• Rachel Rutherford

A Bit on Injury & its Prevention


This week I went to a talk at my local Up & Running, by a local physiotherapist Kerstine (KH Physiotherapy). The talk was focused around both injury prevention and what to do if you have an injury. There were a few parts of the talk I found particularly interesting and I wanted to share these with you.

Stretching

Now we all know this is one of the most debated subjects since running began (ok that’s a slight exaggeration). Some people say stretch before and after, others just stretch after and then there is the rest of us just pretty confused as to why there is no general agreement on the subject.

The reason this particularly grabbed my attention is Kerstine suggested that stretching actually bought about very little benefits, regardless of when it was done. Labelling it a ‘nice to do’ rather than a big preventer of injury.

In relation to already being injured she actually commented on how stretching an area that might already be misaligned could actually do more damage than good. This was based on the idea that often the site of pain isn’t the cause, runners’ knee being a key example.

Instead of focussing on stretching, Kerstine highlighted the importance of strength and conditioning, something that is certainly gaining more attention in triathlon and running circles as the time goes on. The four key exercises being:

  1. Deadlift

  2. Bench Press

  3. Lateral Pull Down

  4. Squat

We’ve all got time to fit that into our week, right?

Types of Pain – for ease of explaining I am going to bullet these

Tendons: Commonly referred to as Tendinitis. This is probably the injury a lot of us can identify with, something I would call a ‘niggle’ in the hope that if I can pretend nothing is wrong then it will get better. This was explained as a pain that gets better as the run progresses, in some cases not actually being bad until you stop again. A tendon injury is a gradual injury, so while it might feel better when you run, in reality you are making it worse.

Healing time: 6-12 months

Ligaments: This is where there is too much range of movement in one of the joints, normally caused by a trauma. This includes sprains and is likely to be very painful when weight bearing the area.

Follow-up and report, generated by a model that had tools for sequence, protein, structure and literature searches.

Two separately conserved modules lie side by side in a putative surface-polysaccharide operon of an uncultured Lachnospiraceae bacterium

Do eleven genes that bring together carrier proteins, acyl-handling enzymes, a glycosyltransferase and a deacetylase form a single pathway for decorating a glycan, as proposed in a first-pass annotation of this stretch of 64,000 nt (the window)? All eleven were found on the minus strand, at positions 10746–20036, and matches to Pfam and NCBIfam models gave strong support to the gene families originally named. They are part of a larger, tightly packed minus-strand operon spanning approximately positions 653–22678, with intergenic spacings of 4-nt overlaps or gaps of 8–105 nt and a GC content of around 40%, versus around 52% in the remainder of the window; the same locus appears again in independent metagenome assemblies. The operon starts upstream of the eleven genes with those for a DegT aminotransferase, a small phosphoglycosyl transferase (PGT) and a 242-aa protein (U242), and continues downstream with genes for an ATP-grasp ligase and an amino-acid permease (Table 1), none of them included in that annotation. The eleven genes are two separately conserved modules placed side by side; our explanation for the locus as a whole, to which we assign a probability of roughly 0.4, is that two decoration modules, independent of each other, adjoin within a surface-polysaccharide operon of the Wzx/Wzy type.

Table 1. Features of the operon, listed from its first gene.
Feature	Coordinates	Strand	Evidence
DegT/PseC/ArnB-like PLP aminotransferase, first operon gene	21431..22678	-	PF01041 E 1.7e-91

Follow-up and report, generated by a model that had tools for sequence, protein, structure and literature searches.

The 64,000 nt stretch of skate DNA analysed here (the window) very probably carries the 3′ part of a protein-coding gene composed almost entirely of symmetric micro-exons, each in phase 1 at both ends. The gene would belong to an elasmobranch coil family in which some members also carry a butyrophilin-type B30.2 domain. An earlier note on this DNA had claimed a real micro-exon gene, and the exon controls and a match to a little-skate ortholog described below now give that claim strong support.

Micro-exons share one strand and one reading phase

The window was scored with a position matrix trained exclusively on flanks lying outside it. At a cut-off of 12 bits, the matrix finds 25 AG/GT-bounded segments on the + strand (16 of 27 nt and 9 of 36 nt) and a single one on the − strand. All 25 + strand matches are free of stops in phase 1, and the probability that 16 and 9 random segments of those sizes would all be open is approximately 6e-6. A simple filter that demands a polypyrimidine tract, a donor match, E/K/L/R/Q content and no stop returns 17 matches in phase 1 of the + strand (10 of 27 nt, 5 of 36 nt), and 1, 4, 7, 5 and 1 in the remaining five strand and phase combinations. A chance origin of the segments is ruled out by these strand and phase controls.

Healing time: 6-12 weeks (but depends on the severity)

Muscles: You know it’s a muscle pain when there is a sharp pain, bruising, swelling and soreness. Simply resting this injury for a week to 10 days should clear it out. If this isn’t the case, then it’s likely to be something a bit more serious so is best to get it checked out.

Bones: We have all heard of a stress fracture, which occurs when the bone just can’t cope with the repetitive forces placed upon it. This can be caused by a number of things, but mainly fatigue or abnormal mineral/ vitamin content. The most common place to experience stress fractures are in the feet.

Healing time: 6-12 weeks (but varies depending on the type of bone fracture)

Pain Scale and Continuing to Exercise

Now this is a hot topic, and having had a number of injuries myself, I am very aware of the psychological effects of not being able to run. Kerstine also identified with this and while was adamant on not running with an injury, was quite open to the idea of cross training. Doing triathlon, if I am injured, I spend the week focusing on the other two sports, the gym, or I use the cross trainer. Before IRONMAN Lanzarote last year I was unable to run until about a month before so did a lot of my training on the cross trainer – it can be done.

Just a final thought, if you are injured, it is always better to get it checked out straight away, even if just to give you some peace of mind.

Thanks for reading, I hope you enjoyed. Please follow me on

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